May 4th, 2006
Only third parties experiencing a first hand impact on a right or serious interest relating to competition can challenge consent agreements, the Competition Tribunal ruled in Burns Lake Native Development Corporation v. Commissioner of Competition and West Fraser Timber Co. Ltd. The applicants, Burns Lake Native Development Corporation (“Burns Lake”) and the Chiefs and Councils of the Bands who are shareholders of Burns Lake (“Chiefs and Band Councils”), participated as minority shareholders in a long-term joint venture with West Fraser in two sawmills and associated timber harvesting rights. However, as a condition of being allowed to buy Weldwood of Canada Ltd., West Fraser had agreed in December 2004 to a consent agreement requiring it to divest the two sawmills and associated timber harvesting rights. The applicants argued that their right to participate in the management of the joint venture was prejudiced and they were faced with the prospect of a new and unknown joint venture partner.
Subsection 106(2) of the Competition Act provides that only persons “directly affected” may apply within 60 days after registration of the consent agreement to have one or more terms rescinded or varied. Therefore, a key issue in this case, the first ever challenging a consent agreement, was whether the applicants had standing to challenge the consent agreement.
The Commissioner argued that to be “directly affected” a party must have a substantive right, either legal or pecuniary, that has been infringed by a consent agreement. Further, a party must show that the impact of the consent agreement is imminent and real, as opposed to speculative or hypothetical. The applicants argued for a more liberal interpretation, stating that the effect should relate to a legal interest but not one that is substantive, pecuniary or related to competition issues. The applicants also argued that a party’s interest can be “directly affected” even though the long term consequences of a consent agreement are not yet known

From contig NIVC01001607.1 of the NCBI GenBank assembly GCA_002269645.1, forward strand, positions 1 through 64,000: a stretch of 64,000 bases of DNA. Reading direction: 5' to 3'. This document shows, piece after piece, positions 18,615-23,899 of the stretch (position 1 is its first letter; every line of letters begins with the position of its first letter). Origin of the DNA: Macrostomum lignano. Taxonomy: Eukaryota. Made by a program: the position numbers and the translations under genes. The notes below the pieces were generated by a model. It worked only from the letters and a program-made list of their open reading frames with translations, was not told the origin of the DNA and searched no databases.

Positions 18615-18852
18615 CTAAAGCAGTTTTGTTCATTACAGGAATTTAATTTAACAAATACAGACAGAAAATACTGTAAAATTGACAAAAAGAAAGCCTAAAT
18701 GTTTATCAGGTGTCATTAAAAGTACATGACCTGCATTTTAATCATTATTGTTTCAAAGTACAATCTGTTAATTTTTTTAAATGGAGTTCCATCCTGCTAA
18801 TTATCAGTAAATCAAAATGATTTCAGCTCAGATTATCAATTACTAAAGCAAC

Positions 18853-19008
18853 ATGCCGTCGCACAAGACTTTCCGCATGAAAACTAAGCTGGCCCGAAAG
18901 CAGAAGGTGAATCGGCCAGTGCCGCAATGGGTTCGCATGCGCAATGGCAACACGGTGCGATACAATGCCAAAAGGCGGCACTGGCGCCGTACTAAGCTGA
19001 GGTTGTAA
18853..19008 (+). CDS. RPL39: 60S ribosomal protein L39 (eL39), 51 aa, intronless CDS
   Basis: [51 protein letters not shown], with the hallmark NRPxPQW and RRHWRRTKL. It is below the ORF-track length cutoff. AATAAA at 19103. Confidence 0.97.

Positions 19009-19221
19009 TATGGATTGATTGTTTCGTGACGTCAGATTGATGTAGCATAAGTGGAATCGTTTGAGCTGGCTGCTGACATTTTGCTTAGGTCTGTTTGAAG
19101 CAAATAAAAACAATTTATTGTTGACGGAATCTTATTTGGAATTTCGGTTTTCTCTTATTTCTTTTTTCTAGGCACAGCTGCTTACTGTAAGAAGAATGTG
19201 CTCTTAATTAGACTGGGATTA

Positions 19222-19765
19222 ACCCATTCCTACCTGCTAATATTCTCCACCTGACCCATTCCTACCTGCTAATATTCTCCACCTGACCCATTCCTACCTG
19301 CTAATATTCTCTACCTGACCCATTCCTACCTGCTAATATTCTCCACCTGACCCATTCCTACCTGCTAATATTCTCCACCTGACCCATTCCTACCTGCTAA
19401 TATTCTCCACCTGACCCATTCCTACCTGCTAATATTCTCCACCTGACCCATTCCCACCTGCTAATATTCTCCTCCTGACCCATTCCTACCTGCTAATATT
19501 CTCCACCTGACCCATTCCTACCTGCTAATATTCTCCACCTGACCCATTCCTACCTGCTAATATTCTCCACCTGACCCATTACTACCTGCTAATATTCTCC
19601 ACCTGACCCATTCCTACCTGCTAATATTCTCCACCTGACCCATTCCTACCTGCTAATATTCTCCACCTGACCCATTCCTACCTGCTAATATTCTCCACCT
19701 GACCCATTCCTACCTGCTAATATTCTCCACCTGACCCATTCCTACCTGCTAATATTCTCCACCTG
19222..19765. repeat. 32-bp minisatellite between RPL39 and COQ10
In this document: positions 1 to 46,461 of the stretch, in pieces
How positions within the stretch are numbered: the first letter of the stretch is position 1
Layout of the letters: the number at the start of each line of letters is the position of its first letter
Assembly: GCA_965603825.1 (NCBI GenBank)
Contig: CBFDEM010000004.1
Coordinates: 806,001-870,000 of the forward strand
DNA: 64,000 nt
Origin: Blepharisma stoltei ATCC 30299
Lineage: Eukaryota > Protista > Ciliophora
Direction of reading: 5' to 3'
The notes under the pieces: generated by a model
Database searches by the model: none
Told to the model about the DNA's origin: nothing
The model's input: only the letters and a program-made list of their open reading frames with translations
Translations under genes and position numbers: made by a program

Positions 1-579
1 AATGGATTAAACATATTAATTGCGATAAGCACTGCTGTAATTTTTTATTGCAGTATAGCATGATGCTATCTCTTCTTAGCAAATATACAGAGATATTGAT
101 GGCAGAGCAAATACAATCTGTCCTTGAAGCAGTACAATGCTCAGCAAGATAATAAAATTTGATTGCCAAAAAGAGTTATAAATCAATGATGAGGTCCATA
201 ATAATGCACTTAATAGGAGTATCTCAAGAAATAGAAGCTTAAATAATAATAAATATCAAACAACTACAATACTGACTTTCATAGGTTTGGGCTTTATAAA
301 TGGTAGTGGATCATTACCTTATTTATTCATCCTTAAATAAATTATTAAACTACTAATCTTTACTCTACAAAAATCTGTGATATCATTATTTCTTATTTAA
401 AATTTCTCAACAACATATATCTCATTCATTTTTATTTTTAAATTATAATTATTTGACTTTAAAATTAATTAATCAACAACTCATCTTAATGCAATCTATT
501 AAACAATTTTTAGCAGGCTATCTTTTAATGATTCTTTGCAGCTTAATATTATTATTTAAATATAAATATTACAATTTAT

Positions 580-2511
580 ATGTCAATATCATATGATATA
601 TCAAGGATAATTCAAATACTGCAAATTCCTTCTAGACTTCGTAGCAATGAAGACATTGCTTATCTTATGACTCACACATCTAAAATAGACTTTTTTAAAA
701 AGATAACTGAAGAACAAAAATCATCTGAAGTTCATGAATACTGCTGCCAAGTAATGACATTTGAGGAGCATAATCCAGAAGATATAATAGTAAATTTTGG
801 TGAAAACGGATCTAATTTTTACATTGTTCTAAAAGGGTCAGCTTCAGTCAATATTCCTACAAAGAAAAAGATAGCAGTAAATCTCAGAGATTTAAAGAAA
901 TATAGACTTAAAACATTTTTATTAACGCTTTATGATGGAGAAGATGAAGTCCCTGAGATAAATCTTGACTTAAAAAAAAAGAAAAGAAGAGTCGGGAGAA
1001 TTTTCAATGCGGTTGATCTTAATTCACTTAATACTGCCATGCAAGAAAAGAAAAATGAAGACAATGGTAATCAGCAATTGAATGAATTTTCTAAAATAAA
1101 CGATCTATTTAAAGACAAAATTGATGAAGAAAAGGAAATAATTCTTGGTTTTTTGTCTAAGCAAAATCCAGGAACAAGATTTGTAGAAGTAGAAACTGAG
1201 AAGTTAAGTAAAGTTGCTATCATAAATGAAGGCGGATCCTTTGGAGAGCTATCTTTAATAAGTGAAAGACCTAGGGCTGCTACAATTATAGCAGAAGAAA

The Tribunal, however, adopted a restrictive interpretation of the meaning of “directly affected” in subsection 106(2) of the Act. The Tribunal held that a party seeking standing to challenge a consent agreement must be able to show, in definite and concrete terms, significant impact on a right or serious interest which relates to competition. Therefore, even if a party has not experienced the effects of the consent agreement at the time the application is made (applications to challenge a consent agreement must be made within 60 days of it being registered), the party must be able to show, in concrete terms, how a consent agreement will definitely adversely affect it. Further, “mere” interests will not be sufficient; only interests related to competition that are significant and very seriously affected by the terms of the consent agreement may be considered.
Applying this test, the Tribunal found that none of the applicants was directly affected by the consent agreement. Burns Lake would not be directly affected because, as a minority shareholder in the joint venture with only one seat out of ten on the management committee, it did not control the decision-making. In addition, concerns about the prospects of a new joint venture partner were entirely speculative and did not directly affect its contractual rights under the terms of the joint venture. The Tribunal held that the effectiveness of individual competitors is not a relevant issue because it is not related to competition concerns which led to the making of the consent agreement. Finally, the Chiefs and Band Councils were also not directly affected. Any concern that the joint venture would be less profitable with a new future partner is entirely speculative. The Tribunal also rejected the argument that the Crown breached the applicants’ aboriginal right to be consulted. This alleged breach of the duty to consult is not related to competition and is not caused by the consent agreement, the Tribunal held.
The other issue in this case was whether there is a requirement to file evidence of a substantial lessening or prevention of competition when a consent agreement is registered. The answer is no, according to the Tribunal. The Tribunal held that although a consent agreement “has the same force and effect” as an order of the Tribunal, it is not an order of the Tribunal and never becomes one. Further, when a consent agreement is registered under subsection 105(3) it is not required to be reviewed by the Tribunal. Therefore, there is no requirement under the Act to file evidence of a substantial lessening or prevention of competition when a consent agreement is filed for registration with the Tribunal.
The Tribunal’s decision is the first ever dealing with a consent agreement challenge and it may be its last. The test set out by the Tribunal to be "directly affected" under subsection 106(2) of the Act is an extremely difficult one to meet. It is difficult to imagine an effect on a third party caused by a consent agreement in a merger case that would impact a right or serious interest and, at the same time, relate to the very competition concerns that gave rise to the order. Moreover, is it realistic to expect a party to know in definite and concrete terms, within 60 days after the registration of a consent agreement, how the consent agreement will affect it?